Back in February, Verizon joined the unlimited data plans trend
, and introduced a... gasp... reasonably priced plan for mobile Internet to infinity, or until you hit a throttling cap in congested downtown areas like with other carriers' unlimited offers. T-Mobile's ever-feisty CEO John Legere, however, commented a few weeks ago during an earnings call that Verizon's network has slowed down 14% since the introduction of its unlimited plans, and, according to him, they are simply unprepared for the influx of bits and bytes through Big Red's ether. "In the same time
," he said, "the speeds on our network have grown 10%. So when we say there’s only one network built for unlimited, it’s clearly ours
Not so fast, Verizon fought back during an investor conference this week, and it didn't even have to resort to the obvious argument that it has much more customers than T-mobile to strain its network. In the words of analyst Jennifer Fritzsche of Wells Fargo Securities, who wrote in a research note to clients after the investor presentation with Verizon the following:
Where Verizon came out guns blazing was in defending their network, the investments it has made there and calling into question some of the accusations made against it in regard to performance. When asked about the 600 MHz auction, Verizon seemed to have no regrets about not being there given its large upper 700 MHz C Block holdings … The point was made that Verizon’s current lead in the RootMetrics tables has never been higher than it is today.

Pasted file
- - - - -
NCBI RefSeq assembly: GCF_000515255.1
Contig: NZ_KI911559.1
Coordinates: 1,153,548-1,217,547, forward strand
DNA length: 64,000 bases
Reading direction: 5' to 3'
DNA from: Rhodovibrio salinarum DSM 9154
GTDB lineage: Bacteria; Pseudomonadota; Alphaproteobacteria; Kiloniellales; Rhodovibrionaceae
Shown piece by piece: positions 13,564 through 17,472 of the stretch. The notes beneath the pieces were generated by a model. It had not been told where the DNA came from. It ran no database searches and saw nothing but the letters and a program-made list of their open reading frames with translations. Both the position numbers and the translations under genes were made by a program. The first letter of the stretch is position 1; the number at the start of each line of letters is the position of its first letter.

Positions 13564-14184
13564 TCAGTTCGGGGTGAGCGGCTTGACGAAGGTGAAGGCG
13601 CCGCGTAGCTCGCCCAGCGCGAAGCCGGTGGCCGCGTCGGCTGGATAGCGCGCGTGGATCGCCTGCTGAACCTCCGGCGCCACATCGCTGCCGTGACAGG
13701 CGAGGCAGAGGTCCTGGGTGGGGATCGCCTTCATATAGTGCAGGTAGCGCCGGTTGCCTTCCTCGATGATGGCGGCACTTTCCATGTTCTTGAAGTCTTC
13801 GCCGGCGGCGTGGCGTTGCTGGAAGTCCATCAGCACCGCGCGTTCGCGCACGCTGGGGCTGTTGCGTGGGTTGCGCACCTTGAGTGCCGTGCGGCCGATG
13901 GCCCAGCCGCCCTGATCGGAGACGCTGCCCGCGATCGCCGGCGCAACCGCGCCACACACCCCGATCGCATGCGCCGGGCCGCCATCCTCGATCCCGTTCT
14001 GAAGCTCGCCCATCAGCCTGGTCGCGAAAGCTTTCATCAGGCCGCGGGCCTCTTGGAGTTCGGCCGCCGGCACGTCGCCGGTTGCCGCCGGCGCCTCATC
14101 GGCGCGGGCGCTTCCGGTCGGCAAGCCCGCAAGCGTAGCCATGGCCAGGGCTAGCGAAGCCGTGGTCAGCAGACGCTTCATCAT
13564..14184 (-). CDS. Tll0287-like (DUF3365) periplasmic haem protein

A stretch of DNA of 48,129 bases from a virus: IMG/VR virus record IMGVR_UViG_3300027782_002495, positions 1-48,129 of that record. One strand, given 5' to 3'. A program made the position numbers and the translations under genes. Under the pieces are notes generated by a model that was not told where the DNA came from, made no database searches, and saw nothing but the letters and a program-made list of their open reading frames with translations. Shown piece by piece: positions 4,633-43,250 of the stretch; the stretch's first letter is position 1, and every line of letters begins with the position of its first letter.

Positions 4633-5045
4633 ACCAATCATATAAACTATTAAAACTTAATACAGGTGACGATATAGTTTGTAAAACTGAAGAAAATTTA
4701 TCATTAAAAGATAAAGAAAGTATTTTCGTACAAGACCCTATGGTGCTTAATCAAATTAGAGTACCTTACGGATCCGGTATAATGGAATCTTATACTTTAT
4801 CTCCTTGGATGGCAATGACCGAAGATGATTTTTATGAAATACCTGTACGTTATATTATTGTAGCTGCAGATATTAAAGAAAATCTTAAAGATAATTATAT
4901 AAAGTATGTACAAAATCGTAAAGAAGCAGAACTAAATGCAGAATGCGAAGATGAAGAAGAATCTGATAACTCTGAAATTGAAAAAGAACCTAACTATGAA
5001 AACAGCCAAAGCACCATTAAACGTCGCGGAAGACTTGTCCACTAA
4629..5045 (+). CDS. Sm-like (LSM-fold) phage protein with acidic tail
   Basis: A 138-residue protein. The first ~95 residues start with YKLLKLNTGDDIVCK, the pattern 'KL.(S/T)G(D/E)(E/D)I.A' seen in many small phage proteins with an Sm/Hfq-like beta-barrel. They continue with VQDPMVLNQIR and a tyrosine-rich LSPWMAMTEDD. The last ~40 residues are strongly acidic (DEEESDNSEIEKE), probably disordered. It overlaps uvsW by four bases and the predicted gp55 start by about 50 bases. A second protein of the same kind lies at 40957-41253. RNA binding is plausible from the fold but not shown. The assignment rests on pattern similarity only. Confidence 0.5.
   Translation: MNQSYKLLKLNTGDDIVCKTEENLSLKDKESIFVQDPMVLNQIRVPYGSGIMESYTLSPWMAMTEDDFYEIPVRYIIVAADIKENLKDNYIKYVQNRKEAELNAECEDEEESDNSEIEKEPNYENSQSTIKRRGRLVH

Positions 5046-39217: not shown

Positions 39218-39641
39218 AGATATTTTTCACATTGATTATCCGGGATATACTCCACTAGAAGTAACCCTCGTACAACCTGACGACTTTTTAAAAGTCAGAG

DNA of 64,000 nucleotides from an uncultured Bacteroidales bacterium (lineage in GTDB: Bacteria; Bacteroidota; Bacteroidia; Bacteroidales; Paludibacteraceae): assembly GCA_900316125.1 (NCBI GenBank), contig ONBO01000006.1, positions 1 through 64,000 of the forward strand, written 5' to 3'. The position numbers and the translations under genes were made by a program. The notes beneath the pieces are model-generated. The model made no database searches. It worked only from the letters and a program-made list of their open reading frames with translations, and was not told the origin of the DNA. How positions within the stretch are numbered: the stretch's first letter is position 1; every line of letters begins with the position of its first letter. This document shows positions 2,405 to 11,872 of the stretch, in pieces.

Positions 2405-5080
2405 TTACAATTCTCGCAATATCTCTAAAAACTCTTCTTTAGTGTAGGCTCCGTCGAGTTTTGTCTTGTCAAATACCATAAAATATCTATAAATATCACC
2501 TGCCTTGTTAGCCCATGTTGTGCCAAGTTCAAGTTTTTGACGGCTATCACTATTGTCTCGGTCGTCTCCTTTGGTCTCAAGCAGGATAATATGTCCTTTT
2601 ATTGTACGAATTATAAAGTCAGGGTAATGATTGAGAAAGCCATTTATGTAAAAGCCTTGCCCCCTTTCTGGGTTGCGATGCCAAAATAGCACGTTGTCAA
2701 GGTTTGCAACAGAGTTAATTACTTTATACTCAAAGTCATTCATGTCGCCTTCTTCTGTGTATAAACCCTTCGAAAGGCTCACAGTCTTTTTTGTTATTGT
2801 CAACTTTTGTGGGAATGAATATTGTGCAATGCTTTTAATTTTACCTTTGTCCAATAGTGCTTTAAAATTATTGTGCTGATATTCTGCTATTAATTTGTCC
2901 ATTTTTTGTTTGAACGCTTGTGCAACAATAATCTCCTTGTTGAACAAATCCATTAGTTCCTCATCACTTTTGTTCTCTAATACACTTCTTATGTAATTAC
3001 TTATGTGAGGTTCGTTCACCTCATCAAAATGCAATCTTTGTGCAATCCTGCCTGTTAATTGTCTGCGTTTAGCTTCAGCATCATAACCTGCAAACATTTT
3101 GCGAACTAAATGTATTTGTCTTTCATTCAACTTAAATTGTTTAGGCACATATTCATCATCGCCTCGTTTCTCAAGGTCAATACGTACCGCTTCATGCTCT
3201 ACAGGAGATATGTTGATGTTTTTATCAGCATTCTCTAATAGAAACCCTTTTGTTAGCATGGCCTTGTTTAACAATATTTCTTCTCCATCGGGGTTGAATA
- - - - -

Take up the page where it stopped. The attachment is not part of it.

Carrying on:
In addition, Verizon has apparently given real examples of how its network capacity expansion is continuing unabated by mentioning San Francisco and other markets where small cells are being unfurled, and the load-bearing there has increased up to four times as a result. Another interesting takeaway is that about 50% of the voice traffic goes through VoLTE now, and Big Red is planning to scoop up unlicensed LTE spectrum for extra capacity. Anyone on Verizon's new unlimited plans noticed any slowdown in their area compared to their previous download speeds?